Me: ...that's not scrap.
Mum: Oh. You've got a lot of construction in front of you, then.
Me: *sigh* Thanks. For pointing. That out.

Lid: 1cm wide frame (visible from top), with internal
0.5cm wide frame to support perspex layer.

The sides of the boxes are held together with short pins, not nails.
A layer of PVA glue is then applied to all of the joins.


PS. This is my last post... just had to get the boxes thing off my chest before assessment tomorrow!


Short video of mixing and casting silicone... here I've just poured it into an ice-cream scoop. This is the first part of creating the 2 part mould used to press and shape heated acrylic.

It's really not a great video - poorly edited to remove my flailing hands from in front of the camera, but you do get to see the process of seeing the silicone going from gooey to bouncy rubbery goodness.

I had extensive videos of other construction a couple of weeks ago... but the files must have been WAY TOO BIG, and couldn't get them off my camera for all the effort I put in.

So, there is this... hopefully it helps clarify any processes I've mentioned in my blog!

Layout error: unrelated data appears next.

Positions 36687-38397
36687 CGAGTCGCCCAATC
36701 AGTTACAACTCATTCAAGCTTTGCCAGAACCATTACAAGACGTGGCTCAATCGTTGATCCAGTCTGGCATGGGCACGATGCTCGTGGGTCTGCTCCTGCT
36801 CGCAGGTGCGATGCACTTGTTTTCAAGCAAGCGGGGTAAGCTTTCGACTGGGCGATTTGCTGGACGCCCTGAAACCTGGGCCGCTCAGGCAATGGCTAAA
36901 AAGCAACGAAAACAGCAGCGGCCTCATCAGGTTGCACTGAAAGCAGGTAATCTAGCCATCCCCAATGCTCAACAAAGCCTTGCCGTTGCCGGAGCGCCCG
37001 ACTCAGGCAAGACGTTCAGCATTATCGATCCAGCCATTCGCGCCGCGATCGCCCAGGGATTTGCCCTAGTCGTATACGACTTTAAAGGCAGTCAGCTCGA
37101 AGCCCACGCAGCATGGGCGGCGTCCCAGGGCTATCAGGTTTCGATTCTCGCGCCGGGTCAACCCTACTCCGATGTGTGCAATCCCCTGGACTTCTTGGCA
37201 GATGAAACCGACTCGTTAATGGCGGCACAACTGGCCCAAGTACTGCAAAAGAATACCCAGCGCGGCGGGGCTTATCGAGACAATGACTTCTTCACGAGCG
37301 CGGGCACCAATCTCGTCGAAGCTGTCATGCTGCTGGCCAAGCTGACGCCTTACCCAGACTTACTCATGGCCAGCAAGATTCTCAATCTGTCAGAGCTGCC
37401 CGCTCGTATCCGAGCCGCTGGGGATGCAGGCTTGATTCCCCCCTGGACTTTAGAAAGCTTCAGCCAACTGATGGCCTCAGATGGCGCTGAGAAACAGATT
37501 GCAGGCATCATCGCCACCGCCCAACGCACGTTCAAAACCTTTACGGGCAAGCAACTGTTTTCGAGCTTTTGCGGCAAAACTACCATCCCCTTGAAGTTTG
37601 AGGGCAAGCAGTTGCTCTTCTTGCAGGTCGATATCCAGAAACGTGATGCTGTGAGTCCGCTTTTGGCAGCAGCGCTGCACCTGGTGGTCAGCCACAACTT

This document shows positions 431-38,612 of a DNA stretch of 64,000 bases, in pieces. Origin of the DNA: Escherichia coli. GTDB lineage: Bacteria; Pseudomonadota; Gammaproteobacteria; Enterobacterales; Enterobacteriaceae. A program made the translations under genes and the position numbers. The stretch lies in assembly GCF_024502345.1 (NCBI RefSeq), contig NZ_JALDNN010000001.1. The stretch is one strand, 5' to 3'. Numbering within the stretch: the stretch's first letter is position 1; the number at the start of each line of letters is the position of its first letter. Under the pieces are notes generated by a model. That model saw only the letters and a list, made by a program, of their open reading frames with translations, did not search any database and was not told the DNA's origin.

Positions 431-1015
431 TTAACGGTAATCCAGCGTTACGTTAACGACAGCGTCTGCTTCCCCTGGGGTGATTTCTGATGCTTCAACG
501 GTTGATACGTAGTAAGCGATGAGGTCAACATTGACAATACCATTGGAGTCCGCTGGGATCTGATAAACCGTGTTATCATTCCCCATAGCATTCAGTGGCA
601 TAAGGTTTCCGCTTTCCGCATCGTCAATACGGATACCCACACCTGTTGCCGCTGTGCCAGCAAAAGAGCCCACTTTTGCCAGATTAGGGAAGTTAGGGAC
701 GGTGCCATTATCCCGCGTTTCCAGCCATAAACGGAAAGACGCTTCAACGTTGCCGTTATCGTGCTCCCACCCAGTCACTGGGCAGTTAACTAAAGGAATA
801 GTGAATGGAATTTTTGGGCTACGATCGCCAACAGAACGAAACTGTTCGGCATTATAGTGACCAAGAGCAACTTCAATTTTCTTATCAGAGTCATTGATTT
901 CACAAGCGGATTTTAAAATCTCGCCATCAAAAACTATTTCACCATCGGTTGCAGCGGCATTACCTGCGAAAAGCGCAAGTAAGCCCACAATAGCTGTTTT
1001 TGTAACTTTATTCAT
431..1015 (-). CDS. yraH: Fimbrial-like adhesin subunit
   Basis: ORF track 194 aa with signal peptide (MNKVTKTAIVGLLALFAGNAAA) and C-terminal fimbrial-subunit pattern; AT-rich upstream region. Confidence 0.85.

Sunday, November 7, 2010

Last Words (ish)

One of the pendants I have created is essentially a time capsule... miniature photographs and a letter to the future contained beneath an acrylic dome.

For interests' sake, here is the text of the letter I'm enclosing...

My name is Allison Louise Bell. Or at least it was. Does one keep one’s name, once one is no longer alive?

This capsule contains parts of me; things that made up my life... memories in the form of photographs and journal entries… aspects of my DNA, left by the touch of my fingers upon the surface of this pendant. I made it, after all.

It is strange, writing this, knowing that I’ll no longer be around by the time this is unearthed…if it is ever unearthed. That is one of the hardest things about dying, I feel – the not knowing. Having to give up our earthly treasures, not knowing how the lives of our loved ones will turn out or continue. Not knowing what will come after, for me…if anything…

I wonder where my atoms will end up, how they will be recycled after a period of time in the earth. 98% of the atoms in out body are replaced every year. Did you know that?